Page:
10 Oct October 2019 HL Quarterly Update
|Changing Times |
In July of 2018, we reported on a case that should have given many adjusters and insurance carriers cause for concern. At that time, the Worker’s Compensation Appellate Commission issued a ruling in the case of Fisher v. State of Michigan – Kalamazoo Regional Psychiatric Hospital, upholding the Worker’s Compensation Magistrate’s decision that even if a clerical error results in a plaintiff receiving an overpayment of benefits, such overpayments do not have to be reimbursed to the carrier absent fraud or misrepresentation.
However, on September 10, 2019, the Michigan Court of Appeals heard an appeal from the Defendant State of Michigan in the Fisher case, and overturned the holding of the appellate commission. Within their opinion, the Michigan Court of Appeals explained that both the magistrate and appellate commission in Fisher relied on allegedly precedential case law from the appellate commission which dated back to the 1990s when imposing the fraud/misrepresentation requirement. Next, the Michigan Court of Appeals explicitly stated that those prior decisions “created the fraud requirement out of whole cloth”, meaning the appellate commission had quite literally invented this requirement without any statutory basis in the Worker’s Disability Compensation Act for doing so. Therefore, the Michigan Court of Appeals held that the line of case law supporting the fraud/misrepresentation requirement was an example of the appellate commission exceeding it’s statutory authority, and that even if the fraud/misrepresentation requirement is sound public policy, it can only be properly imposed by the legislature.
This opinion is set to be published by the Michigan Court of Appeals, and therefore it will have binding precedential value over all future worker’s compensation cases.
Source: Fisher v. Kalamazoo Reg’l Psychiatric Hosp., 2019 Mich. App. LEXIS 5341
As part of Governor Gretchen Whitmer’s ongoing restructuring of the Worker’s Compensation system, several important changes were recently made. Previously, appeals of a worker’s compensation magistrate’s decision were heard by the Worker’s Compensation Appellate Commission. That body has been renamed the Worker’s Disability Appeals Commission. Although no press release has been issued by Governor Whitmer confirming the appointments, we have reason to believe that the three-person WDAC panel will consist of Granner Ries, Daryl Royal, and Duncan McMillan. Given that all three of these individuals were in private practice before their appointment, it is possible that some appeals to the WDAC may create conflicts of interests as it pertains to the new WDAC members. If this occurs, Chief Magistrate Luke McMurray will step in as a member of the WDAC panel as necessary. It is also important to note that previously, the WCAC had the responsibility of handling both Worker’s Compensation and Unemployment appeals. This will no longer be the case, as the WDAC will only hear appeals of worker’s compensation cases. As of July 2019, there were over 40 pending appeals that the WDAC is tasked with deciding.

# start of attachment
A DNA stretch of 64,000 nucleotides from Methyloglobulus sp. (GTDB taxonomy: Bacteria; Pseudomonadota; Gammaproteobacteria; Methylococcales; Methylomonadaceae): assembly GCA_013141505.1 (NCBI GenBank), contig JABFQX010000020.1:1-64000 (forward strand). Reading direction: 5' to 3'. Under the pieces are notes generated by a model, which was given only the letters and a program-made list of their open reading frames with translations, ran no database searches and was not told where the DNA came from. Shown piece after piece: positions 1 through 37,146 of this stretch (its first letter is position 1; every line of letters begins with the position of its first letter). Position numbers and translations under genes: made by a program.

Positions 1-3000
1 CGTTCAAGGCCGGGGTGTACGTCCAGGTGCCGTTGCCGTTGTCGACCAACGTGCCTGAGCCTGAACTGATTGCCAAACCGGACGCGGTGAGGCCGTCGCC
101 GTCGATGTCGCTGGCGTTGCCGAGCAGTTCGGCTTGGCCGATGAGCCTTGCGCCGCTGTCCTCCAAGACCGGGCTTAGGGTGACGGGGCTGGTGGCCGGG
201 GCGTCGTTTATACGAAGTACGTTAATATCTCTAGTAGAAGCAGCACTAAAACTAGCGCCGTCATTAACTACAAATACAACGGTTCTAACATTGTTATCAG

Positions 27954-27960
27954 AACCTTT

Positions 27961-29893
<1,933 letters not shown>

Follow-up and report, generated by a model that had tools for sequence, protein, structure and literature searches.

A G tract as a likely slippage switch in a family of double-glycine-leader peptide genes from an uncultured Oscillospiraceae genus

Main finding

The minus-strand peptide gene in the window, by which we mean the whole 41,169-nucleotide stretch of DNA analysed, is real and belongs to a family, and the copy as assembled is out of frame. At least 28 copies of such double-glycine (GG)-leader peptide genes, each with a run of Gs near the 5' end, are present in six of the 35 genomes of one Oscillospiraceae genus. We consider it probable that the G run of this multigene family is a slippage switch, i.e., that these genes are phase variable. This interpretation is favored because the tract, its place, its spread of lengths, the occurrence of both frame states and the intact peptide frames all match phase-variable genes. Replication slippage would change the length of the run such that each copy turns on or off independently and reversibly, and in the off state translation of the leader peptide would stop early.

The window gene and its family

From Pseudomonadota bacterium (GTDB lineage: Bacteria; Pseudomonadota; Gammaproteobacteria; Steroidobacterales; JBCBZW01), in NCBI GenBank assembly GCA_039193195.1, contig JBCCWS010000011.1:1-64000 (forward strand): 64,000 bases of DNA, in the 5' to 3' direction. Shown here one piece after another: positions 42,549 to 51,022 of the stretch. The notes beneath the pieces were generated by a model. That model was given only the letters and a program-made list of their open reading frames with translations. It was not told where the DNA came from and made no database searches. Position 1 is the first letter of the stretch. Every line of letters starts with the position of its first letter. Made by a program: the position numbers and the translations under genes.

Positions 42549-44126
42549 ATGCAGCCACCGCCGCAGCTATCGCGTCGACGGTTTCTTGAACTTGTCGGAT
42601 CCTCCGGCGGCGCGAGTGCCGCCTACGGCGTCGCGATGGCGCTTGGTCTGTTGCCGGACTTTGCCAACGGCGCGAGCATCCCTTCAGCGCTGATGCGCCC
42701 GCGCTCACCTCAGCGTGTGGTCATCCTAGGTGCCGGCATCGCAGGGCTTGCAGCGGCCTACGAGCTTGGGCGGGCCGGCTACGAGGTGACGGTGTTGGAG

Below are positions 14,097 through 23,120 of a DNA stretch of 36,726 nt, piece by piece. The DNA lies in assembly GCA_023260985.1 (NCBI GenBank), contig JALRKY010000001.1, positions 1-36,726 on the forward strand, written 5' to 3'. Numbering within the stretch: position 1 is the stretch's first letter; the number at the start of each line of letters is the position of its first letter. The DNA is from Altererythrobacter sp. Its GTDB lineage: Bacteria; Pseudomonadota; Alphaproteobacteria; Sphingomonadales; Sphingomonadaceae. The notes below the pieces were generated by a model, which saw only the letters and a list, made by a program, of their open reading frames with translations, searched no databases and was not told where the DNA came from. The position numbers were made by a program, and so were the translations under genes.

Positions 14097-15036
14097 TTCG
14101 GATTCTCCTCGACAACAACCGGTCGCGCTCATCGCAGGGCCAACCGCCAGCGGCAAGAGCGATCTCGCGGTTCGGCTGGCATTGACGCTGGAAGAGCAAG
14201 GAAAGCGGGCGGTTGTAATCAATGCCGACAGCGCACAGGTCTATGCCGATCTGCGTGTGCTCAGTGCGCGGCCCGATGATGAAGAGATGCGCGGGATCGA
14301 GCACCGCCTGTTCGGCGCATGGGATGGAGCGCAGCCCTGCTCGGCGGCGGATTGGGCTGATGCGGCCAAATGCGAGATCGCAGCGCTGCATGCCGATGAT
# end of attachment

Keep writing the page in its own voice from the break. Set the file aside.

Intermittent leave under the FMLA can be difficult for employers to work with. But in the case of the plaintiff in LaBelle v. Cleveland Cliffs, difficult doesn’t even begin to describe it. Plaintiff worked for almost a decade as a lab technician with Defendant’s mining operation in Michigan. After Plaintiff began taking intermittent FMLA leave based on severe shoulder pain, Defendant terminated his employment, alleging that he had abused his leave. Defendant alleged that Plaintiff repeatedly stacked FMLA leave on top of vacation leave, and that at least twice, Plaintiff went golfing while on FMLA leave.
When the facts of the case were presented in the U.S. District Court for the Western District of Michigan, Plaintiff did not deny any of the allegations surrounding his behavior. Instead, Plaintiff simply argued that his conduct did not constitute “abuse” of the FMLA leave provisions, and he sought to proceed to trial. In order for Plaintiff’s case to continue however, he would have had to show that Defendant’s reason for terminating his employment was not based on the facts of the case, and was thus based on some other motive. Both the U.S. District Court, and the U.S. Court of Appeals for the 6th Circuit, who issued their opinion on September 13, 2019, sided with Defendant. It was clear from the Plaintiff’s own statements that he could not prove that Defendant’s decision to terminate his employment was based on anything other than the facts of the case. The decision of the 6th Circuit will not be published, and thus will not be binding precedent in Michigan, but the reasoning of these courts is clearly worth remembering.
Source: Labelle v. Cleveland Cliffs, Inc., 2019 U.S. App. LEXIS 27627
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